Before I met Jen I was struggling to figure out who I was and why I was here on this earth. Jen encouraged me to follow my dreams and believe in myself. I felt like as long as Jen was by my side, everything was possible. When I met Jen I let go of all the fears of being hurt. I trusted Jen more than anyone I had ever known. It was easy being with each other. We had fun no matter what we were doing.
J.P.: I’m sure some Freud wanna-be would look at your photos and say, “He was grieving by hiding behind his camera.” Is there truth to that? Or, put differently, did taking photos allow you to best manage the decline and, ultimately, death of your beloved wife?
A.M.: After a few months of making these photographs I realized that they would be a bridge back to the most challenging time in my life. While I was taking care of Jennifer I had to stay focused on her needs. Oftentimes I would put my thoughts off to the side. The love of my life was dying right in front of me and I couldn’t stop this from happening. I knew that if I thought too much I would crumble, and Jen needed me to stay strong. Looking back, the photographs were an escape from cancer. That is strange since I was escaping into the same thing I was escaping from. But our life was so serious and constantly “on” and I needed something that wasn’t complete cancer. I could get lost in the light-room or something camera related and sort of give myself a break.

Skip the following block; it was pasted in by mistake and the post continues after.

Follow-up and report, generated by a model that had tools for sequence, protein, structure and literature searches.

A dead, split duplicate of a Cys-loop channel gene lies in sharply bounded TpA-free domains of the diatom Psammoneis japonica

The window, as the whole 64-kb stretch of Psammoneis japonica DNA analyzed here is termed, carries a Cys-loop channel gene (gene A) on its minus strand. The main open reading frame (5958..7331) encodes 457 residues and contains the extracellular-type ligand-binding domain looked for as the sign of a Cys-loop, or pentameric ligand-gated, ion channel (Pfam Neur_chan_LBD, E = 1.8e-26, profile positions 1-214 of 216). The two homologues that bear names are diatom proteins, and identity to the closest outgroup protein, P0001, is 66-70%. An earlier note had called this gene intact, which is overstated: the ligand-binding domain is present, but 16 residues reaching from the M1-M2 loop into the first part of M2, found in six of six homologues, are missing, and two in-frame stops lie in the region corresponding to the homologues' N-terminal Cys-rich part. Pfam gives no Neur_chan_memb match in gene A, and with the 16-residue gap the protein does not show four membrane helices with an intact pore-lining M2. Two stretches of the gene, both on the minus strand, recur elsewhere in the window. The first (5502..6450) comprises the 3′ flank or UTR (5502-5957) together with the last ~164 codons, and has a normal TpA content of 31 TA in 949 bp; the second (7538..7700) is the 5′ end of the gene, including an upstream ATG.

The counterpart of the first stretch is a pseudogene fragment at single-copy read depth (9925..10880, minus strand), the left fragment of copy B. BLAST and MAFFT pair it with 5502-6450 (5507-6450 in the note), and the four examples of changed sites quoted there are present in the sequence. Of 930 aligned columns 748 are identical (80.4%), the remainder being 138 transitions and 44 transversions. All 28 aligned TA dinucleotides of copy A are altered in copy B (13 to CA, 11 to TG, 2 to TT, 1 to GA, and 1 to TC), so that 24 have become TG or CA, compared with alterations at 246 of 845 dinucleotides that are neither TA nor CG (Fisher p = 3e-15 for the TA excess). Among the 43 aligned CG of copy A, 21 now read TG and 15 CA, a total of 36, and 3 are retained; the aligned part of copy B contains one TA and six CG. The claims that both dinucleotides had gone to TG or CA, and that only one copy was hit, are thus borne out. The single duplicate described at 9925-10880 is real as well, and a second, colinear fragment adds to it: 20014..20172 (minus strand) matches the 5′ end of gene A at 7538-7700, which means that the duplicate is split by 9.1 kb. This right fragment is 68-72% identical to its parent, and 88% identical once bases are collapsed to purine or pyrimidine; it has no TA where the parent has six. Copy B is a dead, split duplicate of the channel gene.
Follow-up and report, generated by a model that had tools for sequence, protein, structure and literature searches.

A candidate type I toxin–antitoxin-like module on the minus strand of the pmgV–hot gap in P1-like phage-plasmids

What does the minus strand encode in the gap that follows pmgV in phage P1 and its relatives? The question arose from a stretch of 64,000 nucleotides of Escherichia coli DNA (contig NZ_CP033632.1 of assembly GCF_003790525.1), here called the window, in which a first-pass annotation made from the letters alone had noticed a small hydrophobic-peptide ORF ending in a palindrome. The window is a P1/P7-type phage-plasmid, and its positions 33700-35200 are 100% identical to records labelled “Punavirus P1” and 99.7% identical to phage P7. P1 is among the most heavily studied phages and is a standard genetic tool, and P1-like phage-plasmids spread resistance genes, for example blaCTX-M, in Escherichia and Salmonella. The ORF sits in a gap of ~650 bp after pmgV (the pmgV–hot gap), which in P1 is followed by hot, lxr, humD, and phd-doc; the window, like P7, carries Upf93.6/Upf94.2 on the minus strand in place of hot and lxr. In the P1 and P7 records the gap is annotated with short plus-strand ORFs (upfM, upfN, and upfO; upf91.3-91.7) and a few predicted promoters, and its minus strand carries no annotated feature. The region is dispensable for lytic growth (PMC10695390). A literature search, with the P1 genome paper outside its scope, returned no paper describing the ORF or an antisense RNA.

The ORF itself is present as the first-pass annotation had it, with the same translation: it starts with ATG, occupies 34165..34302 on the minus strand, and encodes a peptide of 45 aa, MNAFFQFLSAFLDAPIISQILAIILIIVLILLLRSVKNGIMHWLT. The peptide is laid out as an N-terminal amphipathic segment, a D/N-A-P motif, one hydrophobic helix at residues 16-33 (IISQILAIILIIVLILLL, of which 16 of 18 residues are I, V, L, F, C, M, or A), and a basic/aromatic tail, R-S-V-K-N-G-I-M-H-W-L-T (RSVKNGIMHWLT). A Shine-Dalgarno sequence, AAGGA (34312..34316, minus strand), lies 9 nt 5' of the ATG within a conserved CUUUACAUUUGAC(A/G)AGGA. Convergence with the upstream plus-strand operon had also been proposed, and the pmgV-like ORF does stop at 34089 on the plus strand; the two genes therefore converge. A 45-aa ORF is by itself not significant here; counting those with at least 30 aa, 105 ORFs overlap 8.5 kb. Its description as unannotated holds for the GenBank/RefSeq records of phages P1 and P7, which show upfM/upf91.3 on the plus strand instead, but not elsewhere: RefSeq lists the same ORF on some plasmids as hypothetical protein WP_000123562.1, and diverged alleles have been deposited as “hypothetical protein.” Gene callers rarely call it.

Now, these photographs have been an incredible help in my healing. Something beautiful is growing out of something so horrible and unfair. I’ve received messages from women who are getting mammograms because of Jen. If these things weren’t happening, if something positive wasn’t coming from this, I don’t know how I could make any sense of Jen’s death. Jen was the kind of person who made good things out of what ever life put in front of her, she was an optimist. I want Jen’s legacy to help others.